John James Audubon (Jean-Jacques Audubon) (April 26, 1785 – January 27, 1851) was a French-American ornithologist, naturalist, and painter. He was notable for his expansive studies to document all types of American birds and for his detailed illustrations that depicted the birds in their natural habitats. His major work, a color-plate book entitled The Birds of America (1827–1839), is considered one of the finest ornithological works ever completed. Audubon identified 25 new species and a number of new sub-species.
Jean-Jacques Audubon was born in Les Cayes in the French colony of Saint-Domingue (now Haiti) on his father’s sugar plantation. He is the illegitimate son of a French sea captain and plantation owner and his French mistress. Early on, he was raised by his stepmother, Mrs. Audubon, in Nantes, France, and took a lively interest in birds, nature, drawing, and music. In 1803, at the age of 18, he was sent to America, in part to escape conscription into the Emperor Napoleon’s army. He lived on the family-owned estate at Mill Grove, near Philadelphia, where he hunted, studied and drew birds, and met his wife, Lucy Bakewell. While there, he conducted the first known bird-banding experiment in North America, tying strings around the legs of Eastern Phoebes; he learned that the birds returned to the very same nesting sites each year.
Audubon spent more than a decade in business, eventually traveling down the Ohio River to western Kentucky – then the frontier – and setting up a dry-goods store in Henderson. He continued to draw birds as a hobby, amassing an impressive portfolio. While in Kentucky, Lucy gave birth to two sons, Victor Gifford and John Woodhouse, as well as a daughter who died in infancy. Audubon was quite successful in business for a while, but hard times hit, and in 1819 he was briefly jailed for bankruptcy.
With no other prospects, Audubon set off on his epic quest to depict America’s avifauna, with nothing but his gun, artist’s materials, and a young assistant. Floating down the Mississippi, he lived a rugged hand-to-mouth existence in the South while Lucy earned money as a tutor to wealthy plantation families. In 1826 he sailed with his partly finished collection to England. “The American Woodsman” was literally an overnight success. His life-size, highly dramatic bird portraits, along with his embellished descriptions of wilderness life, hit just the right note at the height of the Continent’s Romantic era. Audubon found a printer for the Birds of America, first in Edinburgh, then London, and later collaborated with the Scottish ornithologist William MacGillivray on the Ornithological Biographies – life histories of each of the species in the work.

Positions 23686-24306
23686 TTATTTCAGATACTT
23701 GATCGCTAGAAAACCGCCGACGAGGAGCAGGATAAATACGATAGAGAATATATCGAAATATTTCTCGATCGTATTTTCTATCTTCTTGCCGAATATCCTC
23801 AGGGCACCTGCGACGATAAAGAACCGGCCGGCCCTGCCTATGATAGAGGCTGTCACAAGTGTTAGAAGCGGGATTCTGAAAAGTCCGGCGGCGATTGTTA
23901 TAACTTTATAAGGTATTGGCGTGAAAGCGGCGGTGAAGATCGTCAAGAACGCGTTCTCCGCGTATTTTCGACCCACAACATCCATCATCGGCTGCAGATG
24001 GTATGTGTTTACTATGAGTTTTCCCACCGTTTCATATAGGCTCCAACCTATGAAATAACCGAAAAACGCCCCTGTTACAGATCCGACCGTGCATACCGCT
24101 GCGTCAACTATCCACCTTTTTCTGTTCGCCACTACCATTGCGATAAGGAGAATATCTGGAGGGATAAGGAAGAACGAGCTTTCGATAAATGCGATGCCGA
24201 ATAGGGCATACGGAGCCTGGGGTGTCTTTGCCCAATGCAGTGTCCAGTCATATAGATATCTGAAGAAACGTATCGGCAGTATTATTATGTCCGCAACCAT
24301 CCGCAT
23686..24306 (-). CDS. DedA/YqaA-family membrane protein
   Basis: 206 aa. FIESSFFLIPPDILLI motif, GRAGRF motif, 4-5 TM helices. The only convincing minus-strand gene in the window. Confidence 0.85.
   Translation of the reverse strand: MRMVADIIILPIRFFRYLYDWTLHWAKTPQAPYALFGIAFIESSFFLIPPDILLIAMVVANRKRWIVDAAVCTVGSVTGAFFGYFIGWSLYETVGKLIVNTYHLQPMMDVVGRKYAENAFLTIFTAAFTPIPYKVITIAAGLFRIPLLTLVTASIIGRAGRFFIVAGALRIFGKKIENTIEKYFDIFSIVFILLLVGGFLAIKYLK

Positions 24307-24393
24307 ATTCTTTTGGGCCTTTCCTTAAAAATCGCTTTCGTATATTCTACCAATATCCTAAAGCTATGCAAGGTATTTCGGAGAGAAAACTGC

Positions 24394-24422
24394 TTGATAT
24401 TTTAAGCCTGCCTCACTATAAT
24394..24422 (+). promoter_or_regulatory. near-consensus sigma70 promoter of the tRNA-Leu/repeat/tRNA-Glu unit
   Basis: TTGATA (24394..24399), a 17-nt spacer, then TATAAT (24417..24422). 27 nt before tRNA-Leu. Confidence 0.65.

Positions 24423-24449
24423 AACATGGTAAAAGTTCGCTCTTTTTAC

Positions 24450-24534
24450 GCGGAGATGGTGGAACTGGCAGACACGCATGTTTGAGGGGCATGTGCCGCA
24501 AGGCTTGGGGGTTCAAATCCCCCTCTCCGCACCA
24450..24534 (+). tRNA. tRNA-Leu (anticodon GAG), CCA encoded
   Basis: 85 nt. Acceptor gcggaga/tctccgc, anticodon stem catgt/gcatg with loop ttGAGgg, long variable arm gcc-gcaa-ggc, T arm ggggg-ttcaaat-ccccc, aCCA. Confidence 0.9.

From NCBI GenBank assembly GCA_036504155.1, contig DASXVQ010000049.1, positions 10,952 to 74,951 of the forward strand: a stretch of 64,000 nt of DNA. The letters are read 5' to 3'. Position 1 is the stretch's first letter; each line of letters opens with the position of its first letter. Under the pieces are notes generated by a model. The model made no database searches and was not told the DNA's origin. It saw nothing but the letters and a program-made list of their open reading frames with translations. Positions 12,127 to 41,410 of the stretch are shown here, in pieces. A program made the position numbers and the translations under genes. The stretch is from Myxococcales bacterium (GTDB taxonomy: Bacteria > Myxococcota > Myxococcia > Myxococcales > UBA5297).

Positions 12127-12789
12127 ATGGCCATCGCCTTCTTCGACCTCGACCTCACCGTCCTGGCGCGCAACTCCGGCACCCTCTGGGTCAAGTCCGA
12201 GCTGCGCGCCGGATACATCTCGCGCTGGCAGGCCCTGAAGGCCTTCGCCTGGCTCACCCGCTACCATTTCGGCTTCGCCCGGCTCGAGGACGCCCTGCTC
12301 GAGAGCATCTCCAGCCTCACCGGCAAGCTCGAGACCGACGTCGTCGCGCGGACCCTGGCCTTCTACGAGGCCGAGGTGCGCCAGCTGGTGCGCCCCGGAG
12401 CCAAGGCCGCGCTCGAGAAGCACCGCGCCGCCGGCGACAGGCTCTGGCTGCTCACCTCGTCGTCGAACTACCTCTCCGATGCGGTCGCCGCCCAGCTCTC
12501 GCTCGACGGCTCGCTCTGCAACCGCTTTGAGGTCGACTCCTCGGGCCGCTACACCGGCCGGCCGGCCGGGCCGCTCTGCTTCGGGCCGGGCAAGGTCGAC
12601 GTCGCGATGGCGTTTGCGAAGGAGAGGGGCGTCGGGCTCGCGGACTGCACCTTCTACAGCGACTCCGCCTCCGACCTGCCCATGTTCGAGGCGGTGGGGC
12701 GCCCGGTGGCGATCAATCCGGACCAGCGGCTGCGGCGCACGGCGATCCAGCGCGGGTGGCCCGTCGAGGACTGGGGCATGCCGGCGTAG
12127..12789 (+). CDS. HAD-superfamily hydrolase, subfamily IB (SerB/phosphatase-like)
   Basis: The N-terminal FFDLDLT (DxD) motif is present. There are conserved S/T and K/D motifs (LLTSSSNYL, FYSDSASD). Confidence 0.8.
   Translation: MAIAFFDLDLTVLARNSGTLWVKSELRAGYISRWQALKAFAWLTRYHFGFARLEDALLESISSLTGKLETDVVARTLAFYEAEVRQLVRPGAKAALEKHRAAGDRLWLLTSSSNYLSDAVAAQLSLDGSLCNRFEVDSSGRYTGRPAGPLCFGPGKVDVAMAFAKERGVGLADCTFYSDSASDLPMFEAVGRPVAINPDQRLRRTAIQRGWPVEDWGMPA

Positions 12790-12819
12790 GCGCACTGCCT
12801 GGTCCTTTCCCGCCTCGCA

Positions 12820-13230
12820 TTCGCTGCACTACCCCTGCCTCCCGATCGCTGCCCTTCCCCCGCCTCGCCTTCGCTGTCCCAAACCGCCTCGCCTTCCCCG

The last print was issued in 1838, by which time Audubon had achieved fame and a modest degree of comfort, traveled this country several more times in search of birds, and settled in New York City. He made one more trip out West in 1843, the basis for his final work of mammals, the Viviparous Quadrupeds of North America, which was largely completed by his sons and the text of which was written by his long-time friend, the Lutheran pastor John Bachman (whose daughters married Audubon’s sons). Audubon spent his last years in senility and died at age 65. He is buried in the Trinity Cemetery at 155th Street and Broadway in New York City.
Audubon’s story is one of triumph over adversity; his accomplishment is destined for the ages. He encapsulates the spirit of young America, when the wilderness was limitless and beguiling. He was a person of legendary strength and endurance as well as a keen observer of birds and nature. Like his peers, he was an avid hunter, and he also had a deep appreciation and concern for conservation; in his later writings he sounded the alarm about destruction of birds and habitats. It is fitting that today we carry his name and legacy into the future.